British sports minister Mims Davies has said she plans to meet with football authorities following recent incidents of racist chanting and abuse at major matches. Davies, speaking in the House of Commons on Monday, said she planned to hold talks in the coming weeks with England's governing Football Association, Premier League and English Football League.
Campaign groups including Kick it Out and Stonewall will also be invited to discuss what else can be done to clamp down on racist, homophobic and anti-Semitic abuse at matches.
In December, Chelsea suspended four people from their Stamford Bridge ground in west London pending a police investigation into alleged racial abuse of Manchester City forward Raheem Sterling during City's 2-0 defeat in a Premier League match.
The same month saw a Tottenham Hotspur fan fined by a court for throwing a banana skin at Arsenal's Pierre-Emerick Aubameyang.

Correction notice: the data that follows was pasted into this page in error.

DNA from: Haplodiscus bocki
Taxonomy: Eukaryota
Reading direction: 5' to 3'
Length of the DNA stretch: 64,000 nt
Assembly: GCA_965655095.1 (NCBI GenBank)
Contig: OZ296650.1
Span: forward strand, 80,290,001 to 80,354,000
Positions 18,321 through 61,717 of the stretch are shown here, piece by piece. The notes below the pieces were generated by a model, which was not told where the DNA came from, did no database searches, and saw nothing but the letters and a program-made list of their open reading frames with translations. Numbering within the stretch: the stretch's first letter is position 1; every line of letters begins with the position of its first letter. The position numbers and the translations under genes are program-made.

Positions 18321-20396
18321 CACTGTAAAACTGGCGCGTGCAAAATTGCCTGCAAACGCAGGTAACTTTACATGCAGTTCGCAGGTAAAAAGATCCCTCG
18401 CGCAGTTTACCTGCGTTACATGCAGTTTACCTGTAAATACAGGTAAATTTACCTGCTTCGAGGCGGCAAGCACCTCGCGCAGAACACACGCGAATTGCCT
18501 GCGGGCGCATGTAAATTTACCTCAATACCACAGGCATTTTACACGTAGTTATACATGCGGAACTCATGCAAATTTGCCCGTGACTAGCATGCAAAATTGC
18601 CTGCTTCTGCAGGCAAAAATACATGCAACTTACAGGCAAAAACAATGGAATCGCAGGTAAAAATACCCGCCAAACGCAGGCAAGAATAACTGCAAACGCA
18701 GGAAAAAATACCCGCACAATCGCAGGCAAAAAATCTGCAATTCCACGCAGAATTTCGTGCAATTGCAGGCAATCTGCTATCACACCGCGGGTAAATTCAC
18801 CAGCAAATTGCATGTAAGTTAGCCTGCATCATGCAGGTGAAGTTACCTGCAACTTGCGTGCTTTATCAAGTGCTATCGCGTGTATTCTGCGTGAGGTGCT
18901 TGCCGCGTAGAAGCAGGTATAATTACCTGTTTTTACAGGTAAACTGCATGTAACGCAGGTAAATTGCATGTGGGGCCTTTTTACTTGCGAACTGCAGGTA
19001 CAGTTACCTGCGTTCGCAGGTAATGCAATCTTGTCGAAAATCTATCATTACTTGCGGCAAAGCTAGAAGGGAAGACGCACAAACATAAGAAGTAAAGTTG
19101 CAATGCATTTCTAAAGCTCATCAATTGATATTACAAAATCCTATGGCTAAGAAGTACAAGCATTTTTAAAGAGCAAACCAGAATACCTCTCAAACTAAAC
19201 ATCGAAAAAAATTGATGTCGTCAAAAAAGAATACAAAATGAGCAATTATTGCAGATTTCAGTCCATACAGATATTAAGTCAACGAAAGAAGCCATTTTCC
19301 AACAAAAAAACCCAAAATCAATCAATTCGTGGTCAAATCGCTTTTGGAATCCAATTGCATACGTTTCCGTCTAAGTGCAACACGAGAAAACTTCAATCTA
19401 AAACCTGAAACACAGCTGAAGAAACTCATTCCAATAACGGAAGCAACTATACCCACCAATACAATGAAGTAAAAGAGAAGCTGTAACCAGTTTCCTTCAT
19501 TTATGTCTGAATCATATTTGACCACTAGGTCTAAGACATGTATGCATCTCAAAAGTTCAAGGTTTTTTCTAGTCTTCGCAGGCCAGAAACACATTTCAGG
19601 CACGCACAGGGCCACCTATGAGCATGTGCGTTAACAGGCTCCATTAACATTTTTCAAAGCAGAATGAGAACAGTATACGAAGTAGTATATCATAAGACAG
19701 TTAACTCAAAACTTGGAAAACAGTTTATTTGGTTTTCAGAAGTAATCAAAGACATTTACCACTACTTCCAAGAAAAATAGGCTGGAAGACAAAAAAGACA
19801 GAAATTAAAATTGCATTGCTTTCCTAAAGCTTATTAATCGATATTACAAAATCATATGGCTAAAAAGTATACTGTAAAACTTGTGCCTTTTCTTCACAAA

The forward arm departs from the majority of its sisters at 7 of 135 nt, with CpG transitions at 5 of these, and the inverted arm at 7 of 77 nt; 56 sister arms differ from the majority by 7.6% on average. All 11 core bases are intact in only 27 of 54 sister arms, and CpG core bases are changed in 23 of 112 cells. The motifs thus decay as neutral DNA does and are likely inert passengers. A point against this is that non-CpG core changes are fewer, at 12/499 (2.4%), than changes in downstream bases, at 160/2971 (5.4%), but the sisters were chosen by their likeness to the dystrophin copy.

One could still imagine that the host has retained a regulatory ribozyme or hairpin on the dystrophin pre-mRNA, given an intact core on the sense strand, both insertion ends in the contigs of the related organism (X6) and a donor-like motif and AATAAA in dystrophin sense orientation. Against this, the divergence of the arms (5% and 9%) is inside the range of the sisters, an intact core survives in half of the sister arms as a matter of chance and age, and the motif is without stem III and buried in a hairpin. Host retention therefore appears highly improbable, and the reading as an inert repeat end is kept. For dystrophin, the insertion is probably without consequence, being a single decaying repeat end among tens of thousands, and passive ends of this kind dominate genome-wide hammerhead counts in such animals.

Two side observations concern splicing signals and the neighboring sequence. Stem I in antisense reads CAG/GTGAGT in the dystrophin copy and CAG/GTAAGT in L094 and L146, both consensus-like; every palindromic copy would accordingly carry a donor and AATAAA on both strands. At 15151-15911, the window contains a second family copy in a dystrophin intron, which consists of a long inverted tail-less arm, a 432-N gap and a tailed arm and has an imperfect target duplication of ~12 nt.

Meanwhile, the FA are investigating alleged racist chanting by some Millwall supporters during their 3-2 victory over Everton in the FA Cup last month.
"Those involved in abuse are not football fans, they are using football as a cloak for discriminatory, and often criminal, behaviour, and they are not welcome in our stadiums," said Davies.
"Together we must find a way to tackle this. I will be bringing together the football authorities and other organisations with an interest, in the coming weeks, to agree what action must be taken to stamp out all forms of discrimination at sports events."